Very sorry to say I'm setting this aside for now at the halfway mark. I loved the first book in this series and had high hopes for this sequel. The pl...moreVery sorry to say I'm setting this aside for now at the halfway mark. I loved the first book in this series and had high hopes for this sequel. The plot here is good, and the mythical/magical Saxon vs. Norman atmosphere is too, but the romance is really unbelievable, insta-love, cheesy sex, and over-the-top, flowery dialogue. It's just not for me. When I have time, I'll go back and skim to the end to see how the story plays out and give it a proper rating.(less)
I have been waiting for Australian author Kate Forsyth's books to become available in the US, and it's finally happening! Bitter Greens has been on my wishlist since I first saw it, and while I was a little wary at the beginning of the multiple viewpoints and how the narrative moves back and forth in time, my fears were soon laid to rest. This is an ambitious and beautifully written tale of epic proportions whose strength lies in the strength of the women who tell it.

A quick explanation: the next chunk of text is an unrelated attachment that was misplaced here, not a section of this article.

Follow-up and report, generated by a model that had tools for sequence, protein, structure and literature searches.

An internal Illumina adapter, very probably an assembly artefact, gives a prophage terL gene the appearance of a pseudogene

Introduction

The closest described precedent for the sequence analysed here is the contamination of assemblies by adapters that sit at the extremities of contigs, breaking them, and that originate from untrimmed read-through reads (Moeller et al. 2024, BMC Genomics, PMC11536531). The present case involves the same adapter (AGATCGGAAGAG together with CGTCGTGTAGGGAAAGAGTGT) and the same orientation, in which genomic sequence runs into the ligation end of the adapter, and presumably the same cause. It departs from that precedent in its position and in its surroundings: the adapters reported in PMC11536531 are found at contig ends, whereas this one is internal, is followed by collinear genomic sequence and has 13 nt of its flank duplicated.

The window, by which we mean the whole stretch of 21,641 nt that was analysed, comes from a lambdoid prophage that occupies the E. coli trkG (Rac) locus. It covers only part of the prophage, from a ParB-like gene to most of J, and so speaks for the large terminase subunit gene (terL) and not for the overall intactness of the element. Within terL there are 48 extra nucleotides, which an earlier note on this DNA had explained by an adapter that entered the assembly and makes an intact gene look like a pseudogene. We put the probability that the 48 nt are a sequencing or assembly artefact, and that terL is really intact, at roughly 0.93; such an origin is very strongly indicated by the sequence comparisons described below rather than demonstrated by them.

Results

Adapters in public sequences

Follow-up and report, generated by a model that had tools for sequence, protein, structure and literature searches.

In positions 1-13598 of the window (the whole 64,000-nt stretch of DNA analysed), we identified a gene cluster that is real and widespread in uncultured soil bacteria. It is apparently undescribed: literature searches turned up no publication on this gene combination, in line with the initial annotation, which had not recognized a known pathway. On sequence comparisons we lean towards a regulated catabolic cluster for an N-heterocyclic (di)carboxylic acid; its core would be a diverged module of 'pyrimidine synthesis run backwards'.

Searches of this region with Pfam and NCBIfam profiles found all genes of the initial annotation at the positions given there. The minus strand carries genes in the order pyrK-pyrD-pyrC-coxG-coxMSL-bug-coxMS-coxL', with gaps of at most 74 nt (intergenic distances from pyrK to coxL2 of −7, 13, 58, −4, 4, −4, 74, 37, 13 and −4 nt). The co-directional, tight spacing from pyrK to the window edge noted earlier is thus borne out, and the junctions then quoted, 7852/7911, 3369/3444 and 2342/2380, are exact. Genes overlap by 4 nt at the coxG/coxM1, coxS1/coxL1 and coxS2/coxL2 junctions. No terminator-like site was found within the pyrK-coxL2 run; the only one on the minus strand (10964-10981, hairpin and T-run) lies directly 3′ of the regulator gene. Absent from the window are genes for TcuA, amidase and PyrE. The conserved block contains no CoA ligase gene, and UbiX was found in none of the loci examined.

We begin with Charlotte-Rose, second cousin to the French King Louis XIV and longtime member of his court, who has just displeased the king once again, and this time he's banished her to a convent as punishment. For our fun-loving, quick-witted, sharp-tongued lass, this is quite a blow.
I had thought I could bend the world to my will. I had thought I could break free of society's narrow grooves, forging a life of my own desire. I had thought I was the navigator of my soul's journey. I was wrong.
Charlotte-Rose lives to write stories, though she is not permitted even paper and pen in her stark prison. So she begins to relish time spent with one of the nuns, Sister Seraphina, who is surprisingly familiar with the world outside the convent and the whims of rich and powerful men. As the two women work together in the convent garden, she begins to tell Charlotte-Rose the story of another woman locked away behind stone walls, that of beautiful young Margherita of Venice, stolen from her parents as a child, raised up in a convent, and then imprisoned in an ancient tower by La Bella Strega, a renowned witch and enchantress. Margherita's story is interwoven with flashbacks of pivotal moments in Charlotte-Rose's life and with the story of the sorceress's rise to power and her interactions with Margherita, and on to Margherita's well-earned happy ending, which gives Charlotte-Rose the inspiration and determination to reach for her own as well.